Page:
The first half is a level by level guide and what you're going to see, is a nice spread for every level. From Jay through W and I focused on J through W because I feel like J is the first level where we need really to be looking in a more complex way at comprehension and looking at those goals, plot and setting, character, vocabulary, theme. And I stop at W because by that point kids are well into middle school and I find that kids in x, Y, Z who are reading those levels of texts are a little bit more flexible and fluid. So these are the levels where I really feel like we need to be really focused on levels and really understanding what the texts have in them so we can support readers. So you'll see a level by level guide on a spread that looks at those four different categories and look for is of what to look for in student comprehension.
And then you'll see a skill by skill spread. So I'll take plot and setting retelling and you look across a two page spread, how the responses for retailing grow. And then you'll look at a two page spread for understanding cause and effect. And how their responses grow throughout harder and harder books and so on. Same thing for nonfiction level by levels and then skill by skill spreads are really a national trend, has been to get more books into every classroom, which is so important. My classroom libraries for many years now have been very popular and recommendations for getting more and more text into the classroom. Making independent reading a bigger part of the literacy block. Things I can really appreciate and get behind and I've just met a lot of teachers in my travels who say to me, haven't read my whole classroom library.
I don't know the books the kids are reading and it becomes even more panic and teachers' voices when you're talking to fourth grade teachers, fifth grade teachers, sixth grade teachers, but I haven't read the books. How do I know if they're getting it? And so I just really want to give teachers something to hang their hat on to say it's okay that you haven't read Freak The Mighty. Although I hope you do because it's a really good book. It's okay you haven't read that book, but here are some things about level W text that are pretty tried and trail so that when you sit down with a child reading Frick The Money you can kind of work your way through the conference. You know what kind of questions to ask, you know what things to expect of their response, you know what a good retailing sounds like, you know what a good character response sounds like because you've got some sense of the level. So that's what I'm hoping people find it, like very practical and something that they can have and reference as they're working with kids.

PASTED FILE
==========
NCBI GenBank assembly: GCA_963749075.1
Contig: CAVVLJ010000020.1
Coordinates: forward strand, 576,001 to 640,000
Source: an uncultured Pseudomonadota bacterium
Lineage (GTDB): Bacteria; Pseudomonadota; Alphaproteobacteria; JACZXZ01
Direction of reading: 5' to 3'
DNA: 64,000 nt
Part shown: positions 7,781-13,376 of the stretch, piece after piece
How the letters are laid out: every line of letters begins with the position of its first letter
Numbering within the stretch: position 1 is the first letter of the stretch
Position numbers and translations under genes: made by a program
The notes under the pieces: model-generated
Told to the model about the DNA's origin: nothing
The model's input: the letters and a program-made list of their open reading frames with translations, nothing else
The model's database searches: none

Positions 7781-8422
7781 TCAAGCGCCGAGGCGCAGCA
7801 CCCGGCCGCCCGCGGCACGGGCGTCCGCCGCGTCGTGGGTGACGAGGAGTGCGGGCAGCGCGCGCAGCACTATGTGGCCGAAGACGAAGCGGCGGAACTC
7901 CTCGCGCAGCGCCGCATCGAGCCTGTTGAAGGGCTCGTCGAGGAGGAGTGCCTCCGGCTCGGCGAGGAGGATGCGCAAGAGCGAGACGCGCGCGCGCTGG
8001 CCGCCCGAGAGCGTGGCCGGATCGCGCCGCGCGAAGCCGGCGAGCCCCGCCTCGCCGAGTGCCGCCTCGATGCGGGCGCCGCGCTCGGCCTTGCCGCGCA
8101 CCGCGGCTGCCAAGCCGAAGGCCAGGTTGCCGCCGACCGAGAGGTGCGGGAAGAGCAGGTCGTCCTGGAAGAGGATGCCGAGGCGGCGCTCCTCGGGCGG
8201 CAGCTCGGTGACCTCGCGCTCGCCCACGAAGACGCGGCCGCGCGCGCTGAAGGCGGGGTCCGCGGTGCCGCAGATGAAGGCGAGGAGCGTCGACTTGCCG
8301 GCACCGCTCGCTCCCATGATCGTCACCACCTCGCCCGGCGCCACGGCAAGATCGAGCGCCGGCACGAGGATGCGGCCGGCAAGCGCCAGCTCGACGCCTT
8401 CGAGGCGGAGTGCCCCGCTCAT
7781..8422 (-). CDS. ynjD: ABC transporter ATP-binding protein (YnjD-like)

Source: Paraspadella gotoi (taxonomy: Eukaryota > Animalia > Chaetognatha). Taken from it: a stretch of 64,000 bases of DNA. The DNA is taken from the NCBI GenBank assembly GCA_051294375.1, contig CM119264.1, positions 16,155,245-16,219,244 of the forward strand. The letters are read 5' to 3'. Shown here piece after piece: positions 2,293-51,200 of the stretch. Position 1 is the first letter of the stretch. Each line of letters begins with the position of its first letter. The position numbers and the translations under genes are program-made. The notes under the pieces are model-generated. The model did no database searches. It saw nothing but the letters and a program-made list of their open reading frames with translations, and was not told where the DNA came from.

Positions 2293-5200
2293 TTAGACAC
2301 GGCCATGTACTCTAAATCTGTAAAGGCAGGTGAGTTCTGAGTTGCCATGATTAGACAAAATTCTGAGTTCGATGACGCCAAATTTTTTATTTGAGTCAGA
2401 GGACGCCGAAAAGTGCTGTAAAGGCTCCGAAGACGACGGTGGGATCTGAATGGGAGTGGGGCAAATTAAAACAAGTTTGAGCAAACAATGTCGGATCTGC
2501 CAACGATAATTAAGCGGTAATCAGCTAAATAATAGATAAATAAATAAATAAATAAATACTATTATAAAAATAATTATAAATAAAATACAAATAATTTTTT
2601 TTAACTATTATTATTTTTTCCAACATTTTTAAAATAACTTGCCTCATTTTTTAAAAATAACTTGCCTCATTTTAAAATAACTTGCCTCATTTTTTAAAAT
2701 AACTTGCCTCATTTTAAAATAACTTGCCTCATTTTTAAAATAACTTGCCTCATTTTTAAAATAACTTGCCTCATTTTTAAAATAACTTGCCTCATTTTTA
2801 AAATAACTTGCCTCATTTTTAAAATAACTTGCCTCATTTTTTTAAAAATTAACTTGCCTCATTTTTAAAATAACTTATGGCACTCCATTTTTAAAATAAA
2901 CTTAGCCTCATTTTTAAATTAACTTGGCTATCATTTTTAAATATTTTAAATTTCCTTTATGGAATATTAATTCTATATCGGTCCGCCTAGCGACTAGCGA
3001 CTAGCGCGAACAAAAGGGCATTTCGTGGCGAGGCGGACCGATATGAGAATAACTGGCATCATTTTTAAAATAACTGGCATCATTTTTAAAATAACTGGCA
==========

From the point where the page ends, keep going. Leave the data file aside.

Brett: Why is it so important for teachers to be in regular conversations with children about their reading?
Jennifer: Kids are always changing. You've got a kid who suddenly develops a new interest and is all in on a topic and if you're not talking to them, you're going to miss it. Kids read a series and that series can set them up to read other books that are in a similar genre or something by that same author. It's all so fluid and that's why I think that conferring is really the heart of everything, that if you're not meeting with kids regularly to talk to them, see how they make sense of one book versus another book, how they're handling this genre versus that genre even with their attitude is toward reading.
You can get. I mean, I even as a reader, as an adult myself, I get into reading funks. I have periods of time where I just can't find a good book and time when I can't get enough reading time and I'm constantly got my nose in a book. And so things changed like that, week to week and so regular conversations with kids helps you understand what they bring to the book, helps you look carefully at the books that they're choosing and helps you think about their, how they're evolving as they comprehend those books.
Jennifer Serravallo is the author of New York Times bestseller The Reading Strategies Book as well as other popular Heinemann titles, including The Writing Strategies Book; Teaching Reading in Small Groups; Conferring with Readers; and The Literacy Teacher's Playbook, Grades K–2 and Grades 3–6. Her newest book is Understanding Texts & Readers. She is also the author of the On-Demand Course Teaching Reading in Small Groups: Matching Methods to Purposes where you can watch dozens of videos of Jen teaching in real classrooms and engage with other educators in a self-guided course.
Jen began her career in education as a teacher in Title I schools in NYC and later joined the Teachers College Reading and Writing Project at Columbia University. Through TCRWP and now as an independent consultant, she has spent over a decade helping teachers across the country to create literacy classrooms where students are joyfully engaged and the the instruction is meaningfully individualized to students' goals.
Jen holds a BA from Vassar College and an MA from Teachers College, where she has also taught graduate and undergraduate classes on urban education reform and children’s literature.
Learn more about Jen and her work at www.jenniferserravallo.com, or connect with her at @jserravallo